Good Middle Eastern food is what I miss most about living where I do. Portland, Maine, has many fine places to eat and I am truly spoiled … but if only we had just *one* grocery store with hummus and tzadiki in tubs, tons of big bags of spices, and fresh pita for sale!

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Am

There are a couple Middle Eastern grocery stores on Forest Ave, towards the clock tower. One of them even advertises that it sells shawarma. However, I haven’t peeked in myself.

Have you tried the food truck C.N. Shawarma? Usually hangs out by Rising Tide in the winter. Really good falafel and shawarma wraps.

If you’re ever in Boston (where I used to live), you HAVE to go to Garlic N Lemons on Harvard Ave. The spicy chicken wrap with everything (including garlic sauce) is THE BEST. Chubby Chickpea (food truck and maybe a B&M by now?) is decent too, and Clover (B&M’s and trucks) has decent falafel too although their fried Brussels sprout sammie is my fave menu item.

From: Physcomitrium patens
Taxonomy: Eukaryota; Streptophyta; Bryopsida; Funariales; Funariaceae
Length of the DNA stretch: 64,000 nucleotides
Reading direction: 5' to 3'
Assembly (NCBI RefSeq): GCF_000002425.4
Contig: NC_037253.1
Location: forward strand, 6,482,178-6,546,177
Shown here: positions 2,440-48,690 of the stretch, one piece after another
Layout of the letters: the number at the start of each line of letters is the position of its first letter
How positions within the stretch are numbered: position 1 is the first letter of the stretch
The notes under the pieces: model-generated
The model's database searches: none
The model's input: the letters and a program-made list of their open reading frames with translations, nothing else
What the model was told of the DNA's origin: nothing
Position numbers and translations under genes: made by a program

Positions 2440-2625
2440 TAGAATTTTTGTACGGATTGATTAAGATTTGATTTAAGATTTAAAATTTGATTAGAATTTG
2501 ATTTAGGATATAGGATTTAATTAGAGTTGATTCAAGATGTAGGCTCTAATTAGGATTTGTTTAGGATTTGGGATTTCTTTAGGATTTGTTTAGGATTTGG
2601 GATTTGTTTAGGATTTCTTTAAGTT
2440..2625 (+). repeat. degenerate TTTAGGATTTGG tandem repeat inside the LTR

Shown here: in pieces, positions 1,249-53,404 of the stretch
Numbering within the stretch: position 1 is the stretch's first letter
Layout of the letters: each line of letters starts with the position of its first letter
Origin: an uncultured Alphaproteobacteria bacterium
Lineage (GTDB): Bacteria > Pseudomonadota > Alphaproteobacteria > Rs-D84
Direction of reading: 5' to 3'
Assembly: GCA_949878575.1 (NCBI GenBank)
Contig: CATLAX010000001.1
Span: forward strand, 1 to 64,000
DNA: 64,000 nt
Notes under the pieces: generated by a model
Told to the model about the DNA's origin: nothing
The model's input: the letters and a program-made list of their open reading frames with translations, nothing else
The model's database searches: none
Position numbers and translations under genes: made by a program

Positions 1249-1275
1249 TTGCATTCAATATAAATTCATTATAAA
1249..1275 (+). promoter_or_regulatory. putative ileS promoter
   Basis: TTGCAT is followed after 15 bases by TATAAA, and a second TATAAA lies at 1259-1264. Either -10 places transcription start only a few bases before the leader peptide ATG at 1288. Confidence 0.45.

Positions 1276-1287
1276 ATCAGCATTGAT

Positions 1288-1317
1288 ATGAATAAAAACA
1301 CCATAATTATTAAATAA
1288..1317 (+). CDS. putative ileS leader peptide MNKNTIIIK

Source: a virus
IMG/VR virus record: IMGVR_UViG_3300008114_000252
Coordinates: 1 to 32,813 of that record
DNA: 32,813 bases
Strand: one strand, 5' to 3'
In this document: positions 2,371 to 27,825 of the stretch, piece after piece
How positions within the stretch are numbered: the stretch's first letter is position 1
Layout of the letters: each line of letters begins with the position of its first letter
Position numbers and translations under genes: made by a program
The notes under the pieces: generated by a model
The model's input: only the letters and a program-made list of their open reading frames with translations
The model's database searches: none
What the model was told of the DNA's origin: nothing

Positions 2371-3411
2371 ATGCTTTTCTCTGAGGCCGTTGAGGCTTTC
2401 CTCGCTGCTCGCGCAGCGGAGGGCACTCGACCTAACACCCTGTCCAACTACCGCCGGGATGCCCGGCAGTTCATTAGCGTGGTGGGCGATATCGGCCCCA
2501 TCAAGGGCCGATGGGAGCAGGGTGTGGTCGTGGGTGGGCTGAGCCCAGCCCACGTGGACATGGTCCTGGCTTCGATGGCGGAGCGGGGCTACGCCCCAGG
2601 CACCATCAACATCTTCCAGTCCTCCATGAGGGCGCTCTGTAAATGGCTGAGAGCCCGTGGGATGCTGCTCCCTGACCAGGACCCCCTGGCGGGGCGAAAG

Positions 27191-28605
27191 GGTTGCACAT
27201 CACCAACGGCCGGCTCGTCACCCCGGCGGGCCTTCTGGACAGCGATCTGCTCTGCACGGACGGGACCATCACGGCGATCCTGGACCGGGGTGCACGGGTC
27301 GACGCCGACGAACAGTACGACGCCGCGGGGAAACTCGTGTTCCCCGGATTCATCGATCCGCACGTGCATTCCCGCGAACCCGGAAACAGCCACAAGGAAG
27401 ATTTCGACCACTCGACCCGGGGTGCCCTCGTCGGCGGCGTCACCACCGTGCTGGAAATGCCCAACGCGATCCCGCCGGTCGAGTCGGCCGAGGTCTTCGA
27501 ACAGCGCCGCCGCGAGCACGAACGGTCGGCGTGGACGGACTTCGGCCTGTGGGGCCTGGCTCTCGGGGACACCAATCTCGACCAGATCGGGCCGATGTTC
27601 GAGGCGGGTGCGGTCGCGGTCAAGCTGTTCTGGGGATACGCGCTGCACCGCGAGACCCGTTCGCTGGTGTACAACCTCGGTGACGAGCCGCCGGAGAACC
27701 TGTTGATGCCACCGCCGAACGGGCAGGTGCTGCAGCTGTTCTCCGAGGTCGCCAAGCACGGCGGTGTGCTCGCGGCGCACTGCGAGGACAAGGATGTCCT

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Sue

I remember Nigella talking about ‘zhuzhing up bought hummus with Greek yogurt’ on her very first series of cookery programmes Nigella Bites around 2000.

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Angela

i agree that full-fat Greek yogurt makes everything more delicious, but homemade hummus is really easy, especially if you have a Vitamix (which we longtime readers know you do!). I use the recipe from The Best Recipe — chickpeas, tahini, garlic, lemon juice, cayenne, olive oil and (the secret ingredient) water. Takes about 5 minutes.

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Molly

Moved to Charlotte, NC almost four years ago (from Brooklyn) and still dream of Sahadi’s.